The Stafford Centennial: A Conversation
January 17 would have been William Stafford’s 100th birthday. Stafford wrote more than 60 books before his death in 1993. He was a husband, a father, a teacher and a poet whose work resonates for people still.
Think Out Loud hosted a live conversation at Multnomah County’s Central Library in downtown Portland. Friends, family and admirers shared stories and talked about his life. Below is a clip about a life lesson he gave his kids: "Don't forget to talk to strangers."
Related Content: Think Out Loud's full conversation on Stafford's centennial
Stafford's Words in Calligraphy
The Portland Society of Calligraphers is working on an exhibit of 40-plus pieces of artwork based on the words of William Stafford. The work will be placed at Marylhurst University and the Main Branch of the Multnomah County Library in downtown Portland in April.
Arts & Life sat down with Carol DuBosch, a master calligrapher whose work will be featured in the exhibit and who has spent the last 50 years working in the art of crafting letters.
Influence On a New Generation
Portland State University's Ooligan Press published a poetry anthology inspired by the work of William Stafford. We Belong in History: Writing With William Stafford is a celebration of the poet through a lens of his lasting impact. The anthology is a collection of work from Oregon middle- and high-school students influenced by Stafford.
Ooligan received more than 50 poetry submissions from six schools and a few individual student writers. The best poems were selected and published.
Think Out Loud talked with the project manager of the anthology and three of the published student authors. Listen to each of them read a poem and talk about their process and craft:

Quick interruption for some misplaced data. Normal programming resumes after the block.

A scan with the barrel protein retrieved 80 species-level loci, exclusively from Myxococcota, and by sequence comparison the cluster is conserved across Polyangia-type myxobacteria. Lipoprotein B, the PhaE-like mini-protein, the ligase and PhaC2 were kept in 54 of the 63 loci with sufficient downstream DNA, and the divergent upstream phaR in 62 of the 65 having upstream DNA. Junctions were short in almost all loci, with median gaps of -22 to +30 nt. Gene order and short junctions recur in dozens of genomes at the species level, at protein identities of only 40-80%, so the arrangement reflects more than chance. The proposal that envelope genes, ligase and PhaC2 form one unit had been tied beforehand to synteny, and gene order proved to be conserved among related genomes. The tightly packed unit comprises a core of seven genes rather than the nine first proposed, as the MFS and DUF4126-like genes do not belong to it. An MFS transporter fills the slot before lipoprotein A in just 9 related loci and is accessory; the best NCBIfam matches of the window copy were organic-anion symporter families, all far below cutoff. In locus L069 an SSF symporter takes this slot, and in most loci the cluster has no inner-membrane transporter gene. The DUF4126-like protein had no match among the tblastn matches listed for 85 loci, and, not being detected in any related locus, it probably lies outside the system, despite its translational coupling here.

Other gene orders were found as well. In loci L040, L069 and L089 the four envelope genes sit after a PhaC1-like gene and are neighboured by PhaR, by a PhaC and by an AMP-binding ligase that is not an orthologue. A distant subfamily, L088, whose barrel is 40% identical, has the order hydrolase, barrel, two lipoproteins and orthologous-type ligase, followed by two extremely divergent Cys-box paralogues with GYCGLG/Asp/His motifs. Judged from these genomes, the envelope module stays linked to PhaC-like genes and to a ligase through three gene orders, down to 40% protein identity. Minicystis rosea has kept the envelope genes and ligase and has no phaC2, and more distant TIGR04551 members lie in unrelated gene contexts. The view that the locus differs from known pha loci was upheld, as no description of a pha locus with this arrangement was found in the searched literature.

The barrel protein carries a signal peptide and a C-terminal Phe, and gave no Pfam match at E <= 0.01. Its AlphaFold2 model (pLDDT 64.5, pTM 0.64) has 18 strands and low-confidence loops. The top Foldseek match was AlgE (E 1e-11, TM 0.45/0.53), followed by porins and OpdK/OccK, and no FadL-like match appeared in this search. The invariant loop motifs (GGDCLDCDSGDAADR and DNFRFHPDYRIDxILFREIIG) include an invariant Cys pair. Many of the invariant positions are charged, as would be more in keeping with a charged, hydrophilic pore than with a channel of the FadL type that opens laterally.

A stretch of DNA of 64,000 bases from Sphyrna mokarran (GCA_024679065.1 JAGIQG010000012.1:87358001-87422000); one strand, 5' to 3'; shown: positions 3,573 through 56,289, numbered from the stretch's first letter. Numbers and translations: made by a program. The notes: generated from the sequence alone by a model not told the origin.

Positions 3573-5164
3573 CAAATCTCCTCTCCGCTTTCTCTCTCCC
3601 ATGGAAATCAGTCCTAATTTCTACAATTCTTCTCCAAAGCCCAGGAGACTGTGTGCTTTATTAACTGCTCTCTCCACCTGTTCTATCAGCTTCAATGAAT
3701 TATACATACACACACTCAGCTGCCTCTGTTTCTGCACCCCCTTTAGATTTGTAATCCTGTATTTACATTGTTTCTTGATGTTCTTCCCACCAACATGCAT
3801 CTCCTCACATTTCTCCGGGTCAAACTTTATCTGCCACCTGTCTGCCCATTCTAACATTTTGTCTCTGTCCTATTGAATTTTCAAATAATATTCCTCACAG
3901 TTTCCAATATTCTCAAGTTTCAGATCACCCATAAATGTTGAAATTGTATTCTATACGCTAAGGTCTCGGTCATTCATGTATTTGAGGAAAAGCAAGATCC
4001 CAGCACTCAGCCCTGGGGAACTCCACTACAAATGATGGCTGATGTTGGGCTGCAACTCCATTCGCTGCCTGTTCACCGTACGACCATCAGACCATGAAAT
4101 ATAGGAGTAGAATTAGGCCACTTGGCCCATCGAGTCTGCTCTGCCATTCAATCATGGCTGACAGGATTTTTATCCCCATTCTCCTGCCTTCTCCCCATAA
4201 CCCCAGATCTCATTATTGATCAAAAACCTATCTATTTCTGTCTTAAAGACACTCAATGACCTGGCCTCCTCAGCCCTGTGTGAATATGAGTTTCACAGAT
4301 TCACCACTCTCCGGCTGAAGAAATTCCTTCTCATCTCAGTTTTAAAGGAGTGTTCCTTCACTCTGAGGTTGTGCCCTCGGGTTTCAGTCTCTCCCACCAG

Related Content: Think Out Loud's full conversation on We Belong In History
William Stafford is largely known for his work in poetry. However, he also left behind another large body of work — more than 16,000 negatives from his life as a photographer.
In the early ’60s, Stafford and his family went on a walk and passed by a garage sale where a retired FBI officer was selling his darkroom.
“On a whim, my dad bought this old beast of an enlarger and the trays and so on,” says Kim Stafford, William Stafford’s son. “My poor sisters came home from school one day and the inside of their playhouse was painted black. We found out later you’re not supposed to paint a darkroom black because you can’t see anything.”
STAFFORD'S Work Ethic
Every day for 50 years, William Stafford would rise before dawn and get something down on paper.
Stafford’s son Kim Stafford says his father would usually start by writing the date, followed by something ordinary like a recent memory or a dream. Then came something poem-like.
“It would lift off into poetry, often,” says the younger Stafford. “Not by strain, but by the natural buoyancy of the language.”
Notable Oregonians Reading William Stafford
Related Content: See more notable Oregonians read William Stafford's poems
Tucked away in a corner of Lake Oswego's Foothills Park is the Stonehenge-like monument known as the Stafford Stones. Created by artist Frank Boyden, the basalt columns are etched with inscriptions from William Stafford.
Lewis and Clark College
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Courtesy of the William Stafford Archives, Lewis & Clark College
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Katrina Sarson / OPB
Jan. 14, 2014 9:15 a.m.
John Rosman / OPB
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Katrina Sarson / OPB
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Kayo Lackey / OPB
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